NEW YORK (WCBS 880) — A somber ceremony was held Tuesday morning at the Intrepid Sea, Air & Space Museum to commemorate the 80th anniversary of the attack on Pearl Harbor.
A floral wreath was dropped into the Hudson River from the deck of the ship at Pier 86 to honor those lost when Japanese bombers made their way to Pearl Harbor and changed the course of the war and history.
This was the first anniversary held at the Intrepid without a Pearl Harbor survivor in attendance.
Michael Galella's dad, Armando "Chick" Galella, was part of the ceremony every year. He died in September at the age of 100.
"Not hearing his voice, and not seeing him here, and not bringing him here, the whole event of the day with him today is totally missed and I can't even put that into words. It's just very hard," Michael Galella said.
After returning from the war, Galella dedicated his life to making sure that the lives lost on Dec. 7, 1941 were never forgotten.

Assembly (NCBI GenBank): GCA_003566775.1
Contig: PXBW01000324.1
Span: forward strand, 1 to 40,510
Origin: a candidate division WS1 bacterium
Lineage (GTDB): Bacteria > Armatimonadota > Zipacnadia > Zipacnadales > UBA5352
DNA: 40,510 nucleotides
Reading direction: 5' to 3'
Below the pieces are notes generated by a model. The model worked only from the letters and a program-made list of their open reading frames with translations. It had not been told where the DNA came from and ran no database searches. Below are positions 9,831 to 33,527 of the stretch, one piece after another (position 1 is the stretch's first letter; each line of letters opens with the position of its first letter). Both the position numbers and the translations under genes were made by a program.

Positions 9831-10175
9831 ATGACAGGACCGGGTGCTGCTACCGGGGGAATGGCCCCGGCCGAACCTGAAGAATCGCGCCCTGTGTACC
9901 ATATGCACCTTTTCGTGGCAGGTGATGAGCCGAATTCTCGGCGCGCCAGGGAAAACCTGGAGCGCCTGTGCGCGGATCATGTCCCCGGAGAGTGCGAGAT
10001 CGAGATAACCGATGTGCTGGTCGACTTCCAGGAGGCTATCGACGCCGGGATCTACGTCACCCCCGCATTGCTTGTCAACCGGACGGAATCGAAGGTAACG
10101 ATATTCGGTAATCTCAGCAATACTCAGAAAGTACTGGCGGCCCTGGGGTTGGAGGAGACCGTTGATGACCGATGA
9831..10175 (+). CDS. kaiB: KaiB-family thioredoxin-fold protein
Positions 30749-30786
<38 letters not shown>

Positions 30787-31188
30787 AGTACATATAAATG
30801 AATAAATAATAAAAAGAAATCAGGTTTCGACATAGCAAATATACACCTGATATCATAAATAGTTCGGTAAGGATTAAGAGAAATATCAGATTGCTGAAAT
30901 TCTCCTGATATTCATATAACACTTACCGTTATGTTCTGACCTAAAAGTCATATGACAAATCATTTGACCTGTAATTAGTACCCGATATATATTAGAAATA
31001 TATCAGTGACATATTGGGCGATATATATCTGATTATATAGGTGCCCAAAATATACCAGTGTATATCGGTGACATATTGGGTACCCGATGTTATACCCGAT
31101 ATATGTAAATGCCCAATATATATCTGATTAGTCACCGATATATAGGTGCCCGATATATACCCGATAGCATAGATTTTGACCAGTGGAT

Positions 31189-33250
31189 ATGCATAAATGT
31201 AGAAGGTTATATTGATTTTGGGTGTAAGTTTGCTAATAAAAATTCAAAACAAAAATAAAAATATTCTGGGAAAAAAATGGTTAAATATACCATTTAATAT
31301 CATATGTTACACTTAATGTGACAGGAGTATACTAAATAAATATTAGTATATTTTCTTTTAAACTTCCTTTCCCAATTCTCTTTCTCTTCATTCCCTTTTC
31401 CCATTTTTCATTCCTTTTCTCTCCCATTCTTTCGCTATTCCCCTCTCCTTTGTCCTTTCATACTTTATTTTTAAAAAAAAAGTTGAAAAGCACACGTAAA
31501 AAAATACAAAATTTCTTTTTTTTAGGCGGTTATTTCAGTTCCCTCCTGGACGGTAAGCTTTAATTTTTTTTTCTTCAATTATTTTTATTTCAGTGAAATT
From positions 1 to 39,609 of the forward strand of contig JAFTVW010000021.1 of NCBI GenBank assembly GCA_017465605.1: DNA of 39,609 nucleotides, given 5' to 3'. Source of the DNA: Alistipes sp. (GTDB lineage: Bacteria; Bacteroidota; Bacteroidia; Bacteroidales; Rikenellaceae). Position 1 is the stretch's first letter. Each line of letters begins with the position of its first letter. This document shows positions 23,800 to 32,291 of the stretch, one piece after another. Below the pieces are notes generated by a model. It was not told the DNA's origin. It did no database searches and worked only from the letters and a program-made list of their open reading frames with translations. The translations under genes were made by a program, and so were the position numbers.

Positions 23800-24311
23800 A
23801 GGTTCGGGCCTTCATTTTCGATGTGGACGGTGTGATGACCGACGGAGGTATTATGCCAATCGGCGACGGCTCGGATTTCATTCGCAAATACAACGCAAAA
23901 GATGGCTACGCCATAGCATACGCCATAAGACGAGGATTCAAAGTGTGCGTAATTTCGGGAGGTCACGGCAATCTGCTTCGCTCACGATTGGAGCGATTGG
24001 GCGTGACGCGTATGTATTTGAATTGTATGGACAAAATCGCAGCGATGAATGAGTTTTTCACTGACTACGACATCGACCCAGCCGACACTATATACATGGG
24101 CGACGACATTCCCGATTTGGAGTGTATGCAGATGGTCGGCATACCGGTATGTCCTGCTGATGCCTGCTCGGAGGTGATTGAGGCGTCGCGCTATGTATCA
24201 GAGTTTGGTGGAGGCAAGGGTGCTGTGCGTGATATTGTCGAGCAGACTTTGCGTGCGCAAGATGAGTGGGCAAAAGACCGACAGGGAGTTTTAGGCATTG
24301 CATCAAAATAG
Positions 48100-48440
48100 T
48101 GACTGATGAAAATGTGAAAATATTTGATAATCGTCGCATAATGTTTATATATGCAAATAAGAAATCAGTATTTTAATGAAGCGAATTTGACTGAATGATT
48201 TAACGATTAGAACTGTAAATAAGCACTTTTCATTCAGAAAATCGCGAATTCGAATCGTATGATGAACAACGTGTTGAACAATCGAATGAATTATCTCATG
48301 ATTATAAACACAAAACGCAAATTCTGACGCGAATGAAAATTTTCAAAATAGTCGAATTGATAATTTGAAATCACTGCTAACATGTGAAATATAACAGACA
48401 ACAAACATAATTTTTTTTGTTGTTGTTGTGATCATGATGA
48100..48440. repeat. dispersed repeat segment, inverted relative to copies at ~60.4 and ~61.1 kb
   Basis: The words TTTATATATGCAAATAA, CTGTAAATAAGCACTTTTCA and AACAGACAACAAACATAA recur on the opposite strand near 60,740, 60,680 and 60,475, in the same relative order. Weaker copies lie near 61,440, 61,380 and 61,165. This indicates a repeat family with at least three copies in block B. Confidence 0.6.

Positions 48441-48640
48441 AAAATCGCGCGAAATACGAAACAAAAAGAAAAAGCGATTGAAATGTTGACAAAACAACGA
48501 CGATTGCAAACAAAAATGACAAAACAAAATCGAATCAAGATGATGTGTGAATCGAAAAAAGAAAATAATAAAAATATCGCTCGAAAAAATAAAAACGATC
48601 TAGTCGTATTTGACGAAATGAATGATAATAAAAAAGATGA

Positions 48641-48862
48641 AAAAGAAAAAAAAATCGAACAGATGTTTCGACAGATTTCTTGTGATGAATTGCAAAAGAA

"Not only for him, but I believe that most of the men and women that came back from the military believe that they had an obligation to come, and tell stories, and to appreciate the men and women who did not come back from the war," his son said. "I will always remember our dad's passion and dedication to tell his World War II experiences."
The family of Pearl Harbor survivor Aaron Chabin, who died in 2017, also attended Tuesday's ceremony.
When Pearl Harbor was attacked, Chabin was an 18-year-old from Queens.
"He saw planes flying so low on the ground that he was able to see the pilots' faces," his daughter, Michelle, said. "Today with the number of survivors so quickly dwindling it is more important than ever to share what they experienced."
Chabin's widow, Helene, said the events of Pearl Harbor changed her husband's life forever.
"It was an experience that really did define his life," she said.
This year's ceremony honored not only the lives lost that day, but also the legacies of Galella and Chabin, who both were annual participants and speakers at the ceremony and beloved members of the Intrepid family.
"And while they are no longer with us, it is important that we carry on the tradition and we continue to pay tribute," said Intrepid Museum president Susan Marenoff-Zausner.